In December last year, a poll by jobs portal Indeed revealed that one out of four Singapore workers are planning to leave their current employer in the first half of 2022.
The survey that polled 1,002 workers in Singapore aged between 16 and 55, also found that nearly half were unsure if they would stay in the current job for the next six months.
According to Indeed, these suggested a ‘Great Resignation’ trend in 2022, a phenomenon similar to other first-world countries like the United States and Europe, where workers’ needs are changed by the pandemic.
However, it looks like the recent wave of tech layoffs have shifted the job trend to ‘Great Layoffs’ instead.
Blame the bad economy
Basically, rampant inflation, coupled with fear of stagflation and recession, has led to a shift towards belt-tightening now.
Tech companies are often viewed as the bellweather for the broader economy. Investors in tech need a relatively high-risk tolerance, as these companies — especially startups — can take a long time to turn a profit.
Companies in tech are often willing to forgo profitability for growth, when the economy is expanding.
But that has not been the case lately with supply-chain interruptions, the Russia-Ukraine war, crashing stock markets and other red-alert economic factors. It has gotten pretty tricky to a point that Tesla founder and CEO Elon Musk told his employees that he has a “super bad feeling” about the economy.
It turned into a ‘Great Layoff’ last month, when firing “exploded“. According to layoff tracker Layoffs.fyi, job cut announcements in tech in May were 10 times the number in the first four months of the year. Specifically, 17,000 tech workers were laid off in May alone.
Tech and crypto firms are feeling the heat
The most recent layoff was crypto giant Coinbase, laying off about 1,100 employees in response to a volatile crypto market.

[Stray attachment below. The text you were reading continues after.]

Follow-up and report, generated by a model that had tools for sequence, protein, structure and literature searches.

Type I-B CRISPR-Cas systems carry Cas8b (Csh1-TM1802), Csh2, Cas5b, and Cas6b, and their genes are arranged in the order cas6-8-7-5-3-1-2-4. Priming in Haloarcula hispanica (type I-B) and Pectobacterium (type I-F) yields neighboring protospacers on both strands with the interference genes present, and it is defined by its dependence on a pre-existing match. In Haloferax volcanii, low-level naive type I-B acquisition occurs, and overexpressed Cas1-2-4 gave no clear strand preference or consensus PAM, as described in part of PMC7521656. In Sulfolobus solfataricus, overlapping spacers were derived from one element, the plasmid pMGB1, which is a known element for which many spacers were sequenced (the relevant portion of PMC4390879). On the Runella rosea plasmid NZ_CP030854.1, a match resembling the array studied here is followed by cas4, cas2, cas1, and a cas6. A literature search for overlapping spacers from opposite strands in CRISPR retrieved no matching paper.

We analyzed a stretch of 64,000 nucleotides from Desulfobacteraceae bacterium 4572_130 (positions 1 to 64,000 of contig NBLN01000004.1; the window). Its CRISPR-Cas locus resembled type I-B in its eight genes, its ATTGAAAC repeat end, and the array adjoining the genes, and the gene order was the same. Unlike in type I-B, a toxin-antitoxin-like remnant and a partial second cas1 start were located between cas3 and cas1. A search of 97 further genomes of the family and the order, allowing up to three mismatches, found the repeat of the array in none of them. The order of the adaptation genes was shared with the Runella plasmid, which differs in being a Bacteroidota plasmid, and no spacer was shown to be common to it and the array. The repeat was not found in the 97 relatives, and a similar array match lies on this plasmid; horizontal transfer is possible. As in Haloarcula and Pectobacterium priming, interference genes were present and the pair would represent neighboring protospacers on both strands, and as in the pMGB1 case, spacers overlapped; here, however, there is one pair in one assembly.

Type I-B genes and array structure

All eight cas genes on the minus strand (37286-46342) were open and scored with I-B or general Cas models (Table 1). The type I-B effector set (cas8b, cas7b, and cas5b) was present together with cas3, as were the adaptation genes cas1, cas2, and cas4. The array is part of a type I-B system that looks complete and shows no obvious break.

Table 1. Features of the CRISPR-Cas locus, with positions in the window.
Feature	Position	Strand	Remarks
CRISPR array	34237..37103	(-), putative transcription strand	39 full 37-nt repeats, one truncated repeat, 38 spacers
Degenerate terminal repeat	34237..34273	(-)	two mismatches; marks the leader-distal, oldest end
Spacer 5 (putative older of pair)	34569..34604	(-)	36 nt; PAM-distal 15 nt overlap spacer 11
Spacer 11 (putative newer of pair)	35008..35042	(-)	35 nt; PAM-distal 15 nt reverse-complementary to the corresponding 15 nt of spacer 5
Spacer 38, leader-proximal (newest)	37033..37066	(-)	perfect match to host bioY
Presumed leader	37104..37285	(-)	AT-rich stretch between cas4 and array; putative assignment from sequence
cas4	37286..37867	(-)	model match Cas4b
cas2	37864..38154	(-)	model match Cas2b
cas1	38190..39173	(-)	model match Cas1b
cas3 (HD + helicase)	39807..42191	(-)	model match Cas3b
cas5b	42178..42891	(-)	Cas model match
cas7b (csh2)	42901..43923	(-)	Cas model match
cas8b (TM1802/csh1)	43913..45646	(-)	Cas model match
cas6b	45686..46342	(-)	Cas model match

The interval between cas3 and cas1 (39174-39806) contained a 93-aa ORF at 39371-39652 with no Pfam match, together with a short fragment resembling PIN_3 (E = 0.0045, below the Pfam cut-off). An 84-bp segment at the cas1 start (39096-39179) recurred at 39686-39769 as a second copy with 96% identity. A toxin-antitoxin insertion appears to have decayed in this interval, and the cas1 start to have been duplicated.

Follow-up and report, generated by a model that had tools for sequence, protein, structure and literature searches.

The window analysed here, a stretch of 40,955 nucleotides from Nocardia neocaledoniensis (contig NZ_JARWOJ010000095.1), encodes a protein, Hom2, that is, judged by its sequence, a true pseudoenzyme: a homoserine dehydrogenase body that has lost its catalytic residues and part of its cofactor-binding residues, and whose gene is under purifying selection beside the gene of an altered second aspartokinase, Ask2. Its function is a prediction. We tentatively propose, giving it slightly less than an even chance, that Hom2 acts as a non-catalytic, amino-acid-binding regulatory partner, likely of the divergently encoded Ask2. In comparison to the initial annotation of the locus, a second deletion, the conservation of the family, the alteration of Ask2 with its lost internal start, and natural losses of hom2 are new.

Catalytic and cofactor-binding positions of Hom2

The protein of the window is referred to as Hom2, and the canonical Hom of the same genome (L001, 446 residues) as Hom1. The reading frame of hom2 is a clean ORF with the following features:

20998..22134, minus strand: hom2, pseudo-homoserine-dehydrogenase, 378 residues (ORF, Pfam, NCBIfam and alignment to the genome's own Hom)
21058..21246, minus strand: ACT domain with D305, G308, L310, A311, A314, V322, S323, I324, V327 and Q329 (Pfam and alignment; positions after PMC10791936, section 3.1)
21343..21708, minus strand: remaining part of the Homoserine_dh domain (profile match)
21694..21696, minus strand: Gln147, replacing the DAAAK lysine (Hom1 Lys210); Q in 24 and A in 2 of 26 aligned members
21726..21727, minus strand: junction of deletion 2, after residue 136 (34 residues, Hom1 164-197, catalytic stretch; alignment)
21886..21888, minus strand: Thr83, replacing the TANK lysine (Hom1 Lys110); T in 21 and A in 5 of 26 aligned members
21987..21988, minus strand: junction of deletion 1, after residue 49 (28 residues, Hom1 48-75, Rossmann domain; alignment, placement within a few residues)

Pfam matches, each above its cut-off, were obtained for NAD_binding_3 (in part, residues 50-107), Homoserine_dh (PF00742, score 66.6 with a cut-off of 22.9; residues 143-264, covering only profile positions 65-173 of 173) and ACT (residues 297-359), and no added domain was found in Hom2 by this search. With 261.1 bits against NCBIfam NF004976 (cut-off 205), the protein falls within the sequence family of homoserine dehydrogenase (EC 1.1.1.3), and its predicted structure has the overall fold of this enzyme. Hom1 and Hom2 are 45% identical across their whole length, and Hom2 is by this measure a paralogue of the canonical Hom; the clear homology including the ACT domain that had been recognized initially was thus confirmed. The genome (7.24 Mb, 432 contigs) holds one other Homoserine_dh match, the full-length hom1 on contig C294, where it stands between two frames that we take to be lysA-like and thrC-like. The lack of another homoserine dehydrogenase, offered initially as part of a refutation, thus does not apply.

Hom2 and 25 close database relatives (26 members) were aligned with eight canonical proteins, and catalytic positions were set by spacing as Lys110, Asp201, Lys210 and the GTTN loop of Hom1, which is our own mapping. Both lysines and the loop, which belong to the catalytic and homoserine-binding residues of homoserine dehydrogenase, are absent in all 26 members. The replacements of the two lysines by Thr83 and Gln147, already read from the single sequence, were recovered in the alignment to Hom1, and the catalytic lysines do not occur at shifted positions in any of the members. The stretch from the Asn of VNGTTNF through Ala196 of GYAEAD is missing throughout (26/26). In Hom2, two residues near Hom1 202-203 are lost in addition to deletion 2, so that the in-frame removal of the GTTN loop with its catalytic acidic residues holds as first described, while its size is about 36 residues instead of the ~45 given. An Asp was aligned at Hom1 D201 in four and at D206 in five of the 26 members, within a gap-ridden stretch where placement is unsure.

According to Bloomberg, Coinbase had hired aggressively in recent years, with its workforce ballooning by about 1,200 employees this year. Now, the company even plans to reduce its workforce by 18 per cent after coming out of a long winter in which crypto value has dipped.
CEO Brian Armstrong warned that “we appear to be entering a recession after a 10-plus year economic boom.” He admitted that the publicly traded company, which has a market value of more than US$13 billion, “grew too quickly” in 2021 as it scaled up to take advantage of the crypto craze.
The move by Coinbase came a day after cryptocurrency company BlockFi, which had grown nearly sixfold in 2021, announced it was laying off about 250 people.
In May, Microsoft told Bloomberg that it was slowing hiring for its Office, Windows, and Teams groups to better prepare itself for the coming fiscal year and contend with the current economic environment.
The tech giant reported strong Q3 earnings, with a 26 per cent year-over-year increase in cloud revenue, but in early June, the company revised its Q4 revenue and earnings guidance downward, citing the impact of foreign exchange fluctuations.
Paypal and Meta on the other hand, have publicly announced hiring freezes, while Snap — the parent company of Snapchat — confirmed it is slowing hiring as it misses revenue targets.